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wooden one. We also visited the ruined castle, ascended the winding stair, and walked round the top wall, and everything seemed to me exactly as I knew it of old, and neither smaller nor larger than my memory had so long pictured it. The view of the Abergavenny mountains pleased and interested me as in childhood, and the clear-flowing Usk seemed just as broad and as pleasant to the eye as my memory had always pictured it.
There is one other fact connected with my mental nature which may be worth noticing here. This is an often-repeated dream, which occurred at this period of my life, and, so far as I can recall, then only. I seemed first to hear a distant beating or flapping sound, as of some creature with huge wings; the sound came nearer and nearer, till at last a deep thud was heard and the flapping ceased. I then seemed to feel that the creature was clinging with its wings outspread against the wall of the house just outside my window, and I waited in a kind of fearful expectation that it would come inside. I usually awoke then, and all being still, went to sleep again.
I think I can trace the origin of this dream. At a very early period of these recollections I was shown on the outside of a house, at or near Usk, a hatchment or funeral escutcheon —the coat-of-arms on a black lozenge-shaped ground often put up on the house of a deceased person of rank or of ancient lineage. At the time I only saw an unmeaning jumble of strange dragon-like forms surrounded with black, and I was told that it was there because somebody was dead; and when this curious dream came I at once associated it with the hatchment, and directly I heard the distant flapping of wings, I used to say to myself (in my dream), “The hatchment is coming; I hope it will not get in.” So far as I can remember, this was the only dream—at all events, the only vivid and impressive one—I had while living at Usk, and it came so often, and so exactly in the same form, as to become quite familiar to me. It was, in fact, the form my childish nightmare took at that period, and though I was always afraid of it, it was not nearly so distressing as many of the nightmares I have had since.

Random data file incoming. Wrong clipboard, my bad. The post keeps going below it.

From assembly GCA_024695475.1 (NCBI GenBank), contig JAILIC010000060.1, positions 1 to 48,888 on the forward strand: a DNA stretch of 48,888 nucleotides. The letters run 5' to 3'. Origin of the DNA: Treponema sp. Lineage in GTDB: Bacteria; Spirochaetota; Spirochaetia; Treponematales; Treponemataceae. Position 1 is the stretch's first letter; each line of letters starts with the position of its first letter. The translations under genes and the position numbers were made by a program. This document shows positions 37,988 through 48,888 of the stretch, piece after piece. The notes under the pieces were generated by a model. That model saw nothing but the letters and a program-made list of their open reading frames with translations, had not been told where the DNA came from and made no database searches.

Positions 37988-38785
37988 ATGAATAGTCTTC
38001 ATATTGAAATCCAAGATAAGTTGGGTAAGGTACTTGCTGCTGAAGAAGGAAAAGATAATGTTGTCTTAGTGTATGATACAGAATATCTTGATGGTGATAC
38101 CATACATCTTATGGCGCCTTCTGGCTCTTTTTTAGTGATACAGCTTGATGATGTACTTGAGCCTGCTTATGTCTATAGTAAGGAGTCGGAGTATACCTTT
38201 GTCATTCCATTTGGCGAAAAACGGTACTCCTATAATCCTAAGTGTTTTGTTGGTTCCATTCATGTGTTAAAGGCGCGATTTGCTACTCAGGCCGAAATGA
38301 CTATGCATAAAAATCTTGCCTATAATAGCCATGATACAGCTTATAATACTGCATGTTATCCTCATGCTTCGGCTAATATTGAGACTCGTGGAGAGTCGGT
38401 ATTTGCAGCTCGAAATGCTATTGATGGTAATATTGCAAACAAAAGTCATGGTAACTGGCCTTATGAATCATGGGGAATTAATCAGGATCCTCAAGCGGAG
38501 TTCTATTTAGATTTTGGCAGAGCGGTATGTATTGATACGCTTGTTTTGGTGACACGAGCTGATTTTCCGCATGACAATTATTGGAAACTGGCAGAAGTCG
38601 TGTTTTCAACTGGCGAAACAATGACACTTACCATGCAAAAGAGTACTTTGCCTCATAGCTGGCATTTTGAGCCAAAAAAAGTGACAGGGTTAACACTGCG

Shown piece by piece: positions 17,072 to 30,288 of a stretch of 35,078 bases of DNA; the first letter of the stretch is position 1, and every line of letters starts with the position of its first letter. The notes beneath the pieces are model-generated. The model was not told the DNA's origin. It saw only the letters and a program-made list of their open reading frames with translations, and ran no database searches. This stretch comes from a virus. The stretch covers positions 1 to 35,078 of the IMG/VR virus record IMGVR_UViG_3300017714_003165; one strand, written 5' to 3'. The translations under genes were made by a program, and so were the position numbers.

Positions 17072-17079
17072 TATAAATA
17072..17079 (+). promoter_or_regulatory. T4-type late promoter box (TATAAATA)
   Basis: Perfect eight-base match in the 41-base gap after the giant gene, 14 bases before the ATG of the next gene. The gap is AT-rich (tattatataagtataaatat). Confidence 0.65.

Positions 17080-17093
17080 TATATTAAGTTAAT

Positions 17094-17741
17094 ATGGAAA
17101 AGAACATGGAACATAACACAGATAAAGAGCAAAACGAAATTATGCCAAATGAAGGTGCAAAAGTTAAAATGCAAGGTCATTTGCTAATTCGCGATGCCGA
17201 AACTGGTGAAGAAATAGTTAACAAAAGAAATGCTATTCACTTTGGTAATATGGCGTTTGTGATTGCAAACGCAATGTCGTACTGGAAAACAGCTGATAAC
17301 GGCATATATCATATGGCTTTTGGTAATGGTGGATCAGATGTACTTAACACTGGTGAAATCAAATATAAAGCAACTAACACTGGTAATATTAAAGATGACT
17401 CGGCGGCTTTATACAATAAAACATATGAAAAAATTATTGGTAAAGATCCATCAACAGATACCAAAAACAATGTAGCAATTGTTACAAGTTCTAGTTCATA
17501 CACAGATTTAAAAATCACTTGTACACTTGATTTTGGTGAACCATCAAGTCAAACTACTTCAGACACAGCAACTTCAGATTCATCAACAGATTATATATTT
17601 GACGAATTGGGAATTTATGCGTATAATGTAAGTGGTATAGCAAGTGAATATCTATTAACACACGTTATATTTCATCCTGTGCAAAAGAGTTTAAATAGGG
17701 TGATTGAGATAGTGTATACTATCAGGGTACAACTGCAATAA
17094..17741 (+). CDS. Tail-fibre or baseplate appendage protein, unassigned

I may here add another illustration of how vividly these scenes of my childhood remain in my memory. My father was very fond of Cowper's poems, and often used to read them aloud to us children. Two of these especially impressed themselves on my memory. That about the three kittens and the viper, ending with the lines—
“With outstretched hoe I slew him at the door,
was perhaps the favourite, and whenever I heard it or read it in after years, the picture always in my mind was of the doorstep of the Usk cottage with the kittens and the viper in the attitudes so picturesquely described. The other one was the fable of the sheep, who, on hearing some unaccustomed noise, rushed away to the edge of a pit, and debated whether it would be wise to jump into it to escape the unknown danger, but were persuaded by a wise old bell-wether that this would be foolish, he being represented as saying—
“What jump into the pit your lives to save,
And as almost the only sheep I had seen close at hand were in the little narrow field between our house and the bridge, I always associated the scene with that field, although there was no pit of any kind in it. So, in after years, when I became fascinated by the poems of Hood, the beautiful and pathetic verses beginning—
“I remember, I remember,
always brought to my mind the memory of the little bluepapered room at Usk, which faced somewhat east of south, and into which, therefore, the sun did “come peeping in each morn"—at least, during a large portion of the year.
So far as I can remember or have heard, I had no illness of any kind at Usk, which was no doubt due to the free outdoor life we lived there, spending a great part of the day in the large garden or by the riverside, or in the fields and woods around us. As will be seen later on, this immunity ceased as soon as we went to live in a town. I remember only one childish accident. The cook was taking away a frying-pan with a good deal of boiling fat in it, which for some reason I wanted to see, and, stretching out my arm over it, I suppose to show that I wanted it lowered down, my fore arm went into the fat and was badly scalded. I mention this only for the purpose of calling attention to the fact that, although I vividly remember the incident, I cannot recall that I suffered the least pain, though I was told afterwards that it was really a severe burn. This, and other facts of a similar kind, make me think that young children suffer far less pain than adults from the same injuries. And this is quite in accordance with the purpose for which pain exists, which is to guard the body against injuries dangerous to life, and giving us the impulse to escape rapidly from any danger. But as infants cannot escape from fatal dangers, and do not even know what things are dangerous and what not, only very slight sensations of pain are at first required, and such only are therefore developed, and these increase in intensity just in proportion as command over the muscles giving the power of rapid automatic movements become possible. The sensation of pain does not, probably, reach its maximum till the whole organism is fully developed in the adult individual. This is rather a comforting conclusion in view of the sufferings of so many infants needlessly massacred through the terrible defects of our vicious social system. I may add here a note as to my personal appearance at